Density, distribution function, quantile function and random
generation for the binomial distribution with parameters
This is conventionally interpreted as the number of ‘successes’
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vector of quantiles.
vector of probabilities.
number of observations. If
number of trials (zero or more).
probability of success on each trial.
logical; if TRUE, probabilities p are given as log(p).
logical; if TRUE (default), probabilities are P[X ≤ x], otherwise, P[X > x].
The binomial distribution with
size = n and
prob = p has density
p(x) = choose(n, x) p^x (1-p)^(n-x)
for x = 0, …, n.
Note that binomial coefficients can be computed by
choose in R.
If an element of
x is not integer, the result of
is zero, with a warning.
p(x) is computed using Loader's algorithm, see the reference below.
The quantile is defined as the smallest value x such that F(x) ≥ p, where F is the distribution function.
dbinom gives the density,
pbinom gives the distribution
qbinom gives the quantile function and
generates random deviates.
size is not an integer,
NaN is returned.
The length of the result is determined by
rbinom, and is the maximum of the lengths of the
numerical arguments for the other functions.
The numerical arguments other than
n are recycled to the
length of the result. Only the first elements of the logical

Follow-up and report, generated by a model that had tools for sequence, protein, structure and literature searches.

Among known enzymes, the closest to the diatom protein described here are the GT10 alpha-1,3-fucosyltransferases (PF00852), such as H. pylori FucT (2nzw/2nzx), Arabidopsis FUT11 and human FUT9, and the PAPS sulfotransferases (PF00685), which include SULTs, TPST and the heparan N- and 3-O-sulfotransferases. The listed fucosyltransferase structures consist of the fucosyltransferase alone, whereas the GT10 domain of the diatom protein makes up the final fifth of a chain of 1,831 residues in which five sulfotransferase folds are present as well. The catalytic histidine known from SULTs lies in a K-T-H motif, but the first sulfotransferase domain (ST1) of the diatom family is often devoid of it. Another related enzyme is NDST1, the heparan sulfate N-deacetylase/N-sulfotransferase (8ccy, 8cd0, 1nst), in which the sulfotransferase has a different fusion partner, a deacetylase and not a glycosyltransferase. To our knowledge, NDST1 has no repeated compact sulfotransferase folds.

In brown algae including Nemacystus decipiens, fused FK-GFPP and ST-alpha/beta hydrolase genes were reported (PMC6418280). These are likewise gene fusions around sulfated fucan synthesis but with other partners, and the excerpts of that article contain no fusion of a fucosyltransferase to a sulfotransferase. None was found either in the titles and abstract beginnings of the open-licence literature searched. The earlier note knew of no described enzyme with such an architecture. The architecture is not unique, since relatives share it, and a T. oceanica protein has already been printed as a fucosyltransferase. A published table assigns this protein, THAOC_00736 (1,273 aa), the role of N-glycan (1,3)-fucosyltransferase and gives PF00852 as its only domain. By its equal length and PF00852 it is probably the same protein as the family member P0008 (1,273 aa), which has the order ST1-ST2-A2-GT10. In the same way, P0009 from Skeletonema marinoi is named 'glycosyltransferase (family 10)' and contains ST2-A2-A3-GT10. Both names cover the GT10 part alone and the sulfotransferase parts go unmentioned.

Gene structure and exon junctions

arguments are used.
dbinom a saddle-point expansion is used: see
Catherine Loader (2000). Fast and Accurate Computation of Binomial Probabilities; available as https://www.r-project.org/doc/reports/CLoader-dbinom-2002.pdf
qbinom uses the Cornish–Fisher Expansion to include a skewness
correction to a normal approximation, followed by a search.
size < .Machine$integer.max) is based on
Kachitvichyanukul, V. and Schmeiser, B. W. (1988) Binomial random variate generation. Communications of the ACM, 31, 216–222.
For larger values it uses inversion.
Distributions for other standard distributions, including
dnbinom for the negative binomial, and
dpois for the Poisson distribution.
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require(graphics) # Compute P(45 < X < 55) for X Binomial(100,0.5) sum(dbinom(46:54, 100, 0.5)) ## Using "log = TRUE" for an extended range : n <- 2000 k <- seq(0, n, by = 20) plot (k, dbinom(k, n, pi/10, log = TRUE), type = "l", ylab = "log density", main = "dbinom(*, log=TRUE) is better than log(dbinom(*))") lines(k, log(dbinom(k, n, pi/10)), col = "red", lwd = 2) ## extreme points are omitted since dbinom gives 0. mtext("dbinom(k, log=TRUE)", adj = 0) mtext("extended range", adj = 0, line = -1, font = 4) mtext("log(dbinom(k))", col = "red", adj = 1)
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